Before Makandja and Bobasha arrived on the scene we were given the opportunity to help out another family.  Here is there story:

Visiting the Beach
Agnes (age 41) and her three children are refugees originally from The Congo. George is 15, Daniel is 13 and Jennie is 11. Both George and Daniel were born with the debilitating disease of Sickle Cell Anemia. In their more than 8 year journey through Zambia, Zimbabwe and South Africa, they have experienced hardships that we have only read about in books.  With babies and toddlers literally on her back, Agnes single handedly lived with her babies in refugee camps with no food, running water or electricity.  She worked in whatever capacity she was able so that her family could survive and get to America and often had to make hard choices between food, medicine and school for her children.  She is one of the strongest women and dedicated mothers we have ever met. 

Jennie's 5th grade Graduation
The family has now been in Evanston for 18 months. All of the children are in school and Agnes has a  job cleaning at a hospital making $11.50/hour.  We have been volunteering to help Agnes and her family and through the generosity of so many, we have managed to get them out of their roach infested one bedroom apartment into a clean, safe, two bedroom apartment. 

We have also been able to get paperwork in place for their Green Cards, communicate with the children's teachers, get the children involved in activities, help the children begin to catch up in school, take the children to doctor appointments, help Agnes learn to read English and drive in order to become independent, help Agnes change her shift from the night time to the day time so that she can be home with her children, food shop, write checks  and generally navigate the new and often confusing culture of America. Frankly, the list is endless and the learning curve can be steep.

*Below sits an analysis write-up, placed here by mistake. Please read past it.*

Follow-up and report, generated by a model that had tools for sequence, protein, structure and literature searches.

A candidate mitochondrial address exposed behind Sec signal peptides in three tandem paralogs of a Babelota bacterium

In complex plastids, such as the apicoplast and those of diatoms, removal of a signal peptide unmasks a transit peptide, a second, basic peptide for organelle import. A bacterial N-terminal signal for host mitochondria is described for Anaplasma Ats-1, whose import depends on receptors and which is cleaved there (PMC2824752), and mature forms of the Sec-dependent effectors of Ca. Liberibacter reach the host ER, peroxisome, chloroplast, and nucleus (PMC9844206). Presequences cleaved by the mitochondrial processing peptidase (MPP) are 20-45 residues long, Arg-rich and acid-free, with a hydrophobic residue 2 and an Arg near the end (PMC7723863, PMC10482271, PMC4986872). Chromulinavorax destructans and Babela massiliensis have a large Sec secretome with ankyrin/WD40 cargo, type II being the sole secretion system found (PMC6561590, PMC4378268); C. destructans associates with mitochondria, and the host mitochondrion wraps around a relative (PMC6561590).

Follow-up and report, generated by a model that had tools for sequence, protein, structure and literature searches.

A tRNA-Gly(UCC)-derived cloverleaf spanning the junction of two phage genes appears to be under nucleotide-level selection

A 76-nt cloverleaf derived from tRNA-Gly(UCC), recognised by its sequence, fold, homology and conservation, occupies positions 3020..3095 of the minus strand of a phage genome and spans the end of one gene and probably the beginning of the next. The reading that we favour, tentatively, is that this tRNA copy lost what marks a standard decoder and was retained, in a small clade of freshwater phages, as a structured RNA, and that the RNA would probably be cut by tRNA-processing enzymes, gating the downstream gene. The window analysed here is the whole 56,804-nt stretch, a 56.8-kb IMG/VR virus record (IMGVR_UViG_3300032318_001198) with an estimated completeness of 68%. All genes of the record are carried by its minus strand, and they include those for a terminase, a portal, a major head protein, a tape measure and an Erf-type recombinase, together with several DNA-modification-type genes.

Those gorgeous smiles you see are what we see every day we are with them. Despite their difficulties,they are some of the most loving and appreciative people we have come across.  Agnes, George, Daniel and Jennie have become like extended family to us. They have made permanent imprints on our hearts. 

Agnes and Jennie making new friends